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User Name Thread Name Subject Posted
GUEST,Ian cookieless BS: Ornithological question (16) RE: BS: Ornithological question 18 Aug 08


Thanks, Jack, for the tip-off about geese (as I have it in the back of my mind that the writer of the song cannot surely have just made it up - it must be based on *something*). As a result, I found this, part of which reads as follows:

"Nobel Prize laureate Dr. Konrad Lorenz, Father of the Greylag geese, devoted his lifetime to the study of geese. In [his book] 'The Year of the Greylag Goose' ... According to Dr. Lorenz, geese possess a veritably human capacity for grief. In his conversations with laymen, he would frequently say, "Animals are much less intelligent than you are inclined to think, but in their feelings and emotions they are far less different from us than you assume." Quite literally, a man, a dog, and a goose hang their heads, lose their appetites, and become indifferent to all stimuli emanating from the environment. For grief-striken human beings, as well as for geese, one effect is that they become outstandingly vulnerable to accidents; they tend to fly into high-tension cables or fall prey to predators because of their reduced alertness.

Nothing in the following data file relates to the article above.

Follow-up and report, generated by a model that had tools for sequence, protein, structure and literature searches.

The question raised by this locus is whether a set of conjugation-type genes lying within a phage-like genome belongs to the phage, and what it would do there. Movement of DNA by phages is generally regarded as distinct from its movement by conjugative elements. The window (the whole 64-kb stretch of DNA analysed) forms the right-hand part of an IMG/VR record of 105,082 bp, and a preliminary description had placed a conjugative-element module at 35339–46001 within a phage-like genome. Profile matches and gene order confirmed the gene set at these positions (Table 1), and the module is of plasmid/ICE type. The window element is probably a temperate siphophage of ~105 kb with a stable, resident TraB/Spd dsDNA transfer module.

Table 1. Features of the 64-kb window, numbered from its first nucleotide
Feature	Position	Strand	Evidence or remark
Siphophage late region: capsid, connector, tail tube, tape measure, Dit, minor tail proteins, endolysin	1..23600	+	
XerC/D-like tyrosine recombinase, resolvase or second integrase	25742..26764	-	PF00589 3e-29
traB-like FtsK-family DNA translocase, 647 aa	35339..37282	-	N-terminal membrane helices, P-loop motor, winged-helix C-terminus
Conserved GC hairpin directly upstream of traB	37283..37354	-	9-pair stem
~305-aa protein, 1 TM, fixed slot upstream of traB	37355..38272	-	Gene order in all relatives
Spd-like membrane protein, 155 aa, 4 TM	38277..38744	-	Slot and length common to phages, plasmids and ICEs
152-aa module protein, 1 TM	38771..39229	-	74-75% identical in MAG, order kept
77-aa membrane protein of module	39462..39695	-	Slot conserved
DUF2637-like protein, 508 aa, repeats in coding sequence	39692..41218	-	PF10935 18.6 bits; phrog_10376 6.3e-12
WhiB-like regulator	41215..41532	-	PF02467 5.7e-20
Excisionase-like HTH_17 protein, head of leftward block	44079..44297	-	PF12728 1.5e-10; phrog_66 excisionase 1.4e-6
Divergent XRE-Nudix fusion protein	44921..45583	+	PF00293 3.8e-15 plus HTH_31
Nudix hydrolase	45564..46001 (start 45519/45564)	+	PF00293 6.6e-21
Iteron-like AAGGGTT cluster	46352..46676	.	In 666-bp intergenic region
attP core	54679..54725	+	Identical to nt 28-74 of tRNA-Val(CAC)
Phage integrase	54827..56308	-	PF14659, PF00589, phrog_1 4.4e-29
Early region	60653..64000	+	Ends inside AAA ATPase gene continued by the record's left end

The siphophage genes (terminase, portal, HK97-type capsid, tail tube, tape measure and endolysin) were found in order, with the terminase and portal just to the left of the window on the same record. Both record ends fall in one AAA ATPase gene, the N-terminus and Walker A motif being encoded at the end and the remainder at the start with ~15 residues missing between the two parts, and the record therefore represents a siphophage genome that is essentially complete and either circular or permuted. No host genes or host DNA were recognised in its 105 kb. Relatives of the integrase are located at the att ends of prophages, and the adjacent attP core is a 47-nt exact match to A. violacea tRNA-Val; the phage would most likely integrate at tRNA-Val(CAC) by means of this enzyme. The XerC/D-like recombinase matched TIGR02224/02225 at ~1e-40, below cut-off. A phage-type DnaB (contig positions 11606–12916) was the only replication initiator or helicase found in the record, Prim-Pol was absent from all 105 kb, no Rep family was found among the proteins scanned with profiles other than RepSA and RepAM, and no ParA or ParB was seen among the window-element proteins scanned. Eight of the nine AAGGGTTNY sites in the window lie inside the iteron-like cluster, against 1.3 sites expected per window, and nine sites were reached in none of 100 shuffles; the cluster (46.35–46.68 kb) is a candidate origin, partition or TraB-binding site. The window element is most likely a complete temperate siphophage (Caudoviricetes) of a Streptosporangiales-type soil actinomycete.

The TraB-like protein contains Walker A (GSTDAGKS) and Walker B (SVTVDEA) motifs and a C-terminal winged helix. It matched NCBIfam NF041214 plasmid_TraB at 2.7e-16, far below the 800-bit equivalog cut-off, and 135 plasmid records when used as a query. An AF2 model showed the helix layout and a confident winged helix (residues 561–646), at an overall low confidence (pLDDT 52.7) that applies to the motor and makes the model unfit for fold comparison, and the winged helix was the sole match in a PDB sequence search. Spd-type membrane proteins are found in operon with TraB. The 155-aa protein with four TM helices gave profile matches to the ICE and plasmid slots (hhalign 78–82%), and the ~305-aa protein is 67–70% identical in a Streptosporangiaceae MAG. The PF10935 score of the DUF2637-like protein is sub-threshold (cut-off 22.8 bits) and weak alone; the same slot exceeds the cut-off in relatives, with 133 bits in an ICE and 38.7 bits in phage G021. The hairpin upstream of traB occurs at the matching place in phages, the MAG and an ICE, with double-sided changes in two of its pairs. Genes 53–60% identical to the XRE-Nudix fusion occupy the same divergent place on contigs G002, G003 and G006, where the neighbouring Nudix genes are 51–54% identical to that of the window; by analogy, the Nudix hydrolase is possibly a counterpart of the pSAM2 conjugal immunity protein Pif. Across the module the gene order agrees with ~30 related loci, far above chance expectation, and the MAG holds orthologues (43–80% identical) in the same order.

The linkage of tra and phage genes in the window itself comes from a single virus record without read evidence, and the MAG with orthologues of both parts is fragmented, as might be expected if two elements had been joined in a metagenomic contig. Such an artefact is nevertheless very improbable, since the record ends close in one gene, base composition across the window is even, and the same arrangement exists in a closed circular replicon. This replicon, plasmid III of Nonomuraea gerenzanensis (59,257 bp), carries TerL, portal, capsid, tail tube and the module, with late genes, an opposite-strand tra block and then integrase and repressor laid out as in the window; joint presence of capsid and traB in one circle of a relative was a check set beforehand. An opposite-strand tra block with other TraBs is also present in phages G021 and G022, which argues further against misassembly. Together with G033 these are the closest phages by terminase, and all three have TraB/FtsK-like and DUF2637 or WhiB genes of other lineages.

After the death of his beloved mate, Ado attached himself to Dr. Lorenz. According to Dr. Lorenz, "...Ado would shyly creep up after me, his body hunched in sadness, and he would remain motionless about 25 or 30 feet away." Ado spent the remainder of the year sad and isolated.

There have been reports of pair bonds that are so strong that if one goose is shot down by a hunter, the partner will circle back. Drawn by its need to stay with its lifelong companion, the single goose will often ignore the sound of shooting and return to die with its mate."

Interesting. It seems I have my answer. Unless any of you think "There have been reports ..." is undocumented and romantic heresay?

Thanks, all.

Ian


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